When meeting new people I try to go in with an open mind. So do many people. But all humans are imperfect, and old habits die hard. We instinctively are always looking for clues to show us a persons true colours. Most likely it’s part of our survival instinct as we try to establish friend from foe. We are trying to predict, analyse, understand, judge (the word you use to describe it is irrelevant) how their behaviour will affect us. Then we decide if that is something we think as good, nice, useful or bad, unattractive, disruptive to name a few.
Pigeon holing people
In the western world we have developed one particular shortcut to this process. Ones’ career. For example you might be more trusting of a Nurse or Teacher than a Motor trader. We think of the Nurse and Teacher as people who work for the good of others. Where as the Motor trader we think of wanting to profit out of others. But someones career doesn’t really tell you much about the individual, it just gives you a chance to stereotype them. (I’m not suggesting that those in the motor trade can’t be trusted. Read about how I embarrassed myself in front of a mechanic, but he didn’t comment in Can’t think fast enough.)
I always struggled with this because there was no short and simple answer to this question in my last job. My role at a Hairdressing academy for apprentices could not be explained in a sentence. Being acutely aware that people do a whole range of subconscious calculations I did my best to keep it short. Essentially I recruited students to the programme, helped them find a job in a hairdressing salon and maintained a working relationship with both the employer and student. It was a mix of business development, coaching, trouble shooting and agony aunt. So not so easy to judge, but perhaps I liked that. It was like a cliff hanger to a TV programme, you had to stay with it to find out what happens next.
Feeling like I’m trying to appeal to the Jury
Following my car accident my career ended. So now how do I answer the question about my career? I haven’t got a career, and my last one takes more than a job title to explain it. (Even that was complicated – Student Liaison and Employer Engagement Manager.) Instead I’m unemployed. Well that’s a conversation killer in itself. I try to defend this by explaining I was in a bad car accident. As I look fine I feel the need to go on and explain about my brain injury. This is all in an effort to avoid the conclusion that they judge me as lazy or useless.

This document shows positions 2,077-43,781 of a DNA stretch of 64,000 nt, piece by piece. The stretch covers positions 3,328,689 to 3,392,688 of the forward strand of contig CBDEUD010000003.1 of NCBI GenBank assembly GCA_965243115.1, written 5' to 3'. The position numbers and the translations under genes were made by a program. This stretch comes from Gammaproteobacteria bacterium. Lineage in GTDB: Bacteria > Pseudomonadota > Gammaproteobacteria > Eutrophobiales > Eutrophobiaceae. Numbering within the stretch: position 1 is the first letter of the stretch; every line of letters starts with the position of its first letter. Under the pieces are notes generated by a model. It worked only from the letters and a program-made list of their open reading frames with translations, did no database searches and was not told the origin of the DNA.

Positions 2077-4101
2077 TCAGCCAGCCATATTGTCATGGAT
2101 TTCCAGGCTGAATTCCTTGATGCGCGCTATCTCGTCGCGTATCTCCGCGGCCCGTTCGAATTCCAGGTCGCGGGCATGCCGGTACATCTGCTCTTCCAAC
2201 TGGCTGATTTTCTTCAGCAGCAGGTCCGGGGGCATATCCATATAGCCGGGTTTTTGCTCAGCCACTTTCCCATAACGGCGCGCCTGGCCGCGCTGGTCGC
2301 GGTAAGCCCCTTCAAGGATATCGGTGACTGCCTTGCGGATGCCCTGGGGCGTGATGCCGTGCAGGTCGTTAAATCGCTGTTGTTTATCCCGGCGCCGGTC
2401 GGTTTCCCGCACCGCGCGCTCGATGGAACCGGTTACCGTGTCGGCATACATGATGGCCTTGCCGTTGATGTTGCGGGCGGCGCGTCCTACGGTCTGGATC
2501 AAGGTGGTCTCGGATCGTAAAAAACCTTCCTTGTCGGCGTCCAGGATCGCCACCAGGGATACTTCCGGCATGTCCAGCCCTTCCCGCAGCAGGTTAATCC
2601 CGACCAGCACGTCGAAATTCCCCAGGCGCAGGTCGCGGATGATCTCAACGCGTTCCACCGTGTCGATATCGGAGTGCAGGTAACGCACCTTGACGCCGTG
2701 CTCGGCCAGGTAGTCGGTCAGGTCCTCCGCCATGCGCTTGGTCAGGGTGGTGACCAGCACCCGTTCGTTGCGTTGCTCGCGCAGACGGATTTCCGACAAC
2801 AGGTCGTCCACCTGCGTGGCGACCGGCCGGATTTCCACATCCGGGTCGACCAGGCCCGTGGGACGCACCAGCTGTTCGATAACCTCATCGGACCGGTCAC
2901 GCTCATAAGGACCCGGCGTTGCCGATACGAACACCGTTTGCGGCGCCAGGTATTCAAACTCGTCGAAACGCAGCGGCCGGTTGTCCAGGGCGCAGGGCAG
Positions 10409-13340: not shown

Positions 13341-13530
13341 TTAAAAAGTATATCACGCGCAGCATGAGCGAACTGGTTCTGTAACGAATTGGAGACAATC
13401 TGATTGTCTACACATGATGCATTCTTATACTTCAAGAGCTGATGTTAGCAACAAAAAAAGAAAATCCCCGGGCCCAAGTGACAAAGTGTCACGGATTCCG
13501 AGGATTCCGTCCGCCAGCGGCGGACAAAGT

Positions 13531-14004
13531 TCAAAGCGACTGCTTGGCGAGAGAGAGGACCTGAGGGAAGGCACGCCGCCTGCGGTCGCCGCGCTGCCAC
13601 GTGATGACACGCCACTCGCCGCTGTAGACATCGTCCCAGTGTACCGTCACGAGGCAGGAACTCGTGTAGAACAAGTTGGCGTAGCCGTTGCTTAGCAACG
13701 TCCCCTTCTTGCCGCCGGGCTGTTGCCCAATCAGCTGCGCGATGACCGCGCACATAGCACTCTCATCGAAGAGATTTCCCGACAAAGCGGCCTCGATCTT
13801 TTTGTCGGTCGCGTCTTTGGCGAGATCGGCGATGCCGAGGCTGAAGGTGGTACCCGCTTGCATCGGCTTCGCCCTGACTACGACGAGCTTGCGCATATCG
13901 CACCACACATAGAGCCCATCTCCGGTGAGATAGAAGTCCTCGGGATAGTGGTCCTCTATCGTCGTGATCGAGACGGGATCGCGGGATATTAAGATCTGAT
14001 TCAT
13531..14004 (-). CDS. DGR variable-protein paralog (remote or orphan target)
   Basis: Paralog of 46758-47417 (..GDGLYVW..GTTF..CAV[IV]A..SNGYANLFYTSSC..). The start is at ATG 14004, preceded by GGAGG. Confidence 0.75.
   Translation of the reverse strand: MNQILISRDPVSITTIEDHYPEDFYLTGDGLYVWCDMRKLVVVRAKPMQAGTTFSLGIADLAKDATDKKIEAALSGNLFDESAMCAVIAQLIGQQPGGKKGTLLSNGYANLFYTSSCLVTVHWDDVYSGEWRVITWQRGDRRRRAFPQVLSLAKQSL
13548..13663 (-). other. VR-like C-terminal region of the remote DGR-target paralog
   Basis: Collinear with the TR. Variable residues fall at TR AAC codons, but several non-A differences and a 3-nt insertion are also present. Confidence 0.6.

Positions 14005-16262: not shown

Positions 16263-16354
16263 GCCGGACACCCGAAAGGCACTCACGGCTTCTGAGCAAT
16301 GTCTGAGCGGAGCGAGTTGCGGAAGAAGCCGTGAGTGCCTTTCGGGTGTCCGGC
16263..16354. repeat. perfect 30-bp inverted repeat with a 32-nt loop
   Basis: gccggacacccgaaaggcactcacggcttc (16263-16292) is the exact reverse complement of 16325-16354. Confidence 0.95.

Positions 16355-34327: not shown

I’m not looking for sympathy, I’m just trying to stop myself being written off. But now they have to decide how this new, and unexpected information makes them feel.
(A) Really, surely you could do something? Still judge you as lazy.
(B) Oh I thought you were intelligent? Well I better dumb everything down now I know that.
(C) Oh wow! I would never have guessed! Amazing!
(D) I was just trying to make polite conversation, now I’ve got to pretend I care. Wish I’d never asked.
The only solution I can think of is to raise awareness
Brain injuries happen much more than many people would imagine. Most of us will at some point know someone who has suffered a brain injury. What we need to help people realise is that it doesn’t mean the end, but you can’t judge someone for it. Every person will have a unique experience and in most cases that means good days and bad days. So trying to judge someone by their career doesn’t really help. Their bad days might make their career options limited. But their good days might leave you for dust.
Other articles you might like:
- Friends agony of my brain injury I didn’t let her help with.
- Hangry vs brain injury. Let’s avoid the grumpy outcome.
- Unstable emotional lability after brain injury can be tense.
- Pathetic holiday catastrophe, brain injury fail.
- Brain injury brain fog.
- Clamming up about my brain injury stings relationships.
Do you feel we put too much weight on someones career/ Do you think people judge you badly after your brain injury?